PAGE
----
World Library  
Flag as Inappropriate
Email this Article

Treasure Island (1934 film)

Article Id: WHEBN0005482994
Reproduction Date:

Title: Treasure Island (1934 film)  
Author: World Heritage Encyclopedia
Language: English
Subject: Treasure Island, Wallace Beery, Victor Fleming, Nigel Bruce, Jackie Cooper
Collection:
Publisher: World Heritage Encyclopedia
Publication
Date:
 

Treasure Island (1934 film)

Treasure Island
Theatrical poster
Directed by Victor Fleming
Produced by Hunt Stromberg
Written by John Lee Mahin (screenplay)
John Howard Lawson
Leonard Praskins
Based on Treasure Island 
by Robert Louis Stevenson
Starring Wallace Beery
Jackie Cooper
Lionel Barrymore
Lewis Stone
Nigel Bruce
Music by Herbert Stothart (original score)
Thomas Augustine Arne ("Rule Britannia")
Cinematography Clyde De Vinna
Ray June
Harold Rosson
Edited by Blanche Sewell
Distributed by Metro-Goldwyn-Mayer
Release dates
  • August 17, 1934 (1934-08-17)
Running time
105 minutes
Country United States
Language English
Budget $825,000
Box office $1,164,000 (Domestic earnings)
$1,110,000 (Foreign earnings)

Treasure Island is a 1934 film adaptation of Robert Louis Stevenson’s famous 1883 novel Treasure Island. Jim Hawkins (Jackie Cooper) discovers a treasure map and travels on a sailing ship to a remote island, but pirates led by Long John Silver (Wallace Beery) threaten to take away the honest seafarers’ riches and lives.

Contents

  • Plot 1
  • Casting notes 2
  • Cast 3
  • Reception 4
  • References 5
  • External links 6

Plot

Lobby card

Young Jim Hawkins (Cooper) and his mother run the Admiral Benbow, a tavern near Bristol, England. One dark and stormy night, during a birthday celebration, the mysterious Billy Bones (Lionel Barrymore) arrives and drunkenly talks about treasure. Soon after, Bones is visited by Black Dog then Pew, and drops dead, leaving a chest, which he bragged contained gold and jewels. Instead of money, Jim finds a map that his friend Dr. Livesey (Otto Kruger) realizes will lead them to the famous Flint treasure. Squire Trelawney (Nigel Bruce) raises money for a voyage to the treasure island and they set sail on Captain Alexander Smollett's (Lewis Stone) ship Hispaniola. Also on board is the one-legged Long John Silver (Beery) and his cronies. Even though Bones had warned Jim about a sailor with one leg, they become friends.

During the voyage, several fatal "accidents" happen to sailors who disapprove of Silver and his cohorts. Then, the night before landing on the island, Jim overhears Silver plotting to take the treasure and kill Smollett's men. Jim goes ashore with the men, and encounters an old hermit named Ben Gunn (Chic Sale), who tells him that he has found Flint's treasure. Meanwhile, Smollett and his loyal men flee to Flint's stockade on the island for safety. Silver's men then attack the stockade when Smollett refuses to give them the treasure map. While the situation looks hopeless, Jim secretly goes back to the Hispaniola at night, sails it to a safe location and shoots one of the pirates in self-defense. When he returns to the stockade, Silver's men are there and Silver tells them that a treaty has been signed. The pirates want to kill Jim, but Silver protects him. Dr. Livesey comes for Jim, but the boy refuses to break his word to Silver not to run away. The next day the pirates search for the treasure hold and when they find it, it is empty. When some of the pirates mutiny against Silver, Livesey and Gunn join him in the fight. Smollett then sails home with the treasure, which Gunn had hidden in his cave, and with Silver as his prisoner. Unable to stand by and let his friend be hanged, Jim frees Silver. As he sails away, Silver promises to hunt treasure with Jim again some day, as Honest John Silver.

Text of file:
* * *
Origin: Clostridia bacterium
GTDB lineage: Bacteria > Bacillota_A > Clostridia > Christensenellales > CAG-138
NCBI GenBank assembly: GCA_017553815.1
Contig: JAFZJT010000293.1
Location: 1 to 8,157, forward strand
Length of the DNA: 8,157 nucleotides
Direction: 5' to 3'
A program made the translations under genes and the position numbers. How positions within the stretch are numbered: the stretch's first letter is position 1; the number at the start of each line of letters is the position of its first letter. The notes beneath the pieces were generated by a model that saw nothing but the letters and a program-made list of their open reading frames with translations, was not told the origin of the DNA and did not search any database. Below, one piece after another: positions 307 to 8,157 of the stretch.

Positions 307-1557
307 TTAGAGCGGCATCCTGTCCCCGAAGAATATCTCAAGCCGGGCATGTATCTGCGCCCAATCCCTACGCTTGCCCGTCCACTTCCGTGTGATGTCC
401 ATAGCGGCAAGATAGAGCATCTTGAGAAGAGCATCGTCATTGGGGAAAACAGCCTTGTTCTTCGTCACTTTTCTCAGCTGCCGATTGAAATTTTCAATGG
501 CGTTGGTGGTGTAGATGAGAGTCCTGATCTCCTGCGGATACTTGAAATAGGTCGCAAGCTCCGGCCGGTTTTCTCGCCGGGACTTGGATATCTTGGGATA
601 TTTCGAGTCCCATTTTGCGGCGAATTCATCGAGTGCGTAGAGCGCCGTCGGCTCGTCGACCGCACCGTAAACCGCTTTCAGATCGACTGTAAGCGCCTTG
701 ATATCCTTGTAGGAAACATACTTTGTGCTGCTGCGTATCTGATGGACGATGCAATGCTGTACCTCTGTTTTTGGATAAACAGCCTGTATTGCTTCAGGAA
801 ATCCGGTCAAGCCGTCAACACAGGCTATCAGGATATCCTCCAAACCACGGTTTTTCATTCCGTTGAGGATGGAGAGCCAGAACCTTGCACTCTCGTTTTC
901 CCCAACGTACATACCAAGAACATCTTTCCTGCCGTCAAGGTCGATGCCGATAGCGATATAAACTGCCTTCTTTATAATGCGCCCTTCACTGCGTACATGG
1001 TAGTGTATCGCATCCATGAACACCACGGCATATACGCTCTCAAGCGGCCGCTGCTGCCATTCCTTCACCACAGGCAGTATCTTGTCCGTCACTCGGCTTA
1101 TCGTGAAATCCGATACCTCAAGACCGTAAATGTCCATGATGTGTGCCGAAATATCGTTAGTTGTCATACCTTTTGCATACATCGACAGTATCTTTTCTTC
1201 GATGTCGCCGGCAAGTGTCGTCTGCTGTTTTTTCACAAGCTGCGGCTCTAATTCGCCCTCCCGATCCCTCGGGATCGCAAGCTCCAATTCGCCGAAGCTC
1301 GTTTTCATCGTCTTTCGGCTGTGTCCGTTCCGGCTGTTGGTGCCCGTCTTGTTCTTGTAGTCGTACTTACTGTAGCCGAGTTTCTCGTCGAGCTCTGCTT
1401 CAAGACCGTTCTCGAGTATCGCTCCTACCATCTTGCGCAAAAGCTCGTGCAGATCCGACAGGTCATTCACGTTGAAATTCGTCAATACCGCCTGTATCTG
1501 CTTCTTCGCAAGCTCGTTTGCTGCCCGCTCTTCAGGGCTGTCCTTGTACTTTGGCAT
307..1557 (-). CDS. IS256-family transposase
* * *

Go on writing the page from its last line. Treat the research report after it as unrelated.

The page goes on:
Casting notes

Wallace Beery had originally been cast as Israel Hands in director Maurice Tourneur's silent production of Treasure Island for Paramount in 1920 (now a lost film). Beery would be replaced by Joseph Singleton but would appear that year in another of Tourneur's masterpiece silent films, The Last of the Mohicans.

Cast

Reception

The film's box office performance was described as "disappointing".[1]

References

  1. ^ THE YEAR IN HOLLYWOOD: 1984 May Be Remembered as the Beginning of the Sweetness-and-Light Era By DOUGLAS W. CHURCHILL.HOLLYWOOD.. New York Times (1923-Current file) [New York, N.Y] 30 Dec 1934: X5.

External links

This article was sourced from Creative Commons Attribution-ShareAlike License; additional terms may apply. World Heritage Encyclopedia content is assembled from numerous content providers, Open Access Publishing, and in compliance with The Fair Access to Science and Technology Research Act (FASTR), Wikimedia Foundation, Inc., Public Library of Science, The Encyclopedia of Life, Open Book Publishers (OBP), PubMed, U.S. National Library of Medicine, National Center for Biotechnology Information, U.S. National Library of Medicine, National Institutes of Health (NIH), U.S. Department of Health & Human Services, and USA.gov, which sources content from all federal, state, local, tribal, and territorial government publication portals (.gov, .mil, .edu). Funding for USA.gov and content contributors is made possible from the U.S. Congress, E-Government Act of 2002.
 
Crowd sourced content that is contributed to World Heritage Encyclopedia is peer reviewed and edited by our editorial staff to ensure quality scholarly research articles.
 
By using this site, you agree to the Terms of Use and Privacy Policy. World Heritage Encyclopedia™ is a registered trademark of the World Public Library Association, a non-profit organization.
 


Copyright © World Library Foundation. All rights reserved. eBooks from Project Gutenberg are sponsored by the World Library Foundation,
a 501c(4) Member's Support Non-Profit Organization, and is NOT affiliated with any governmental agency or department.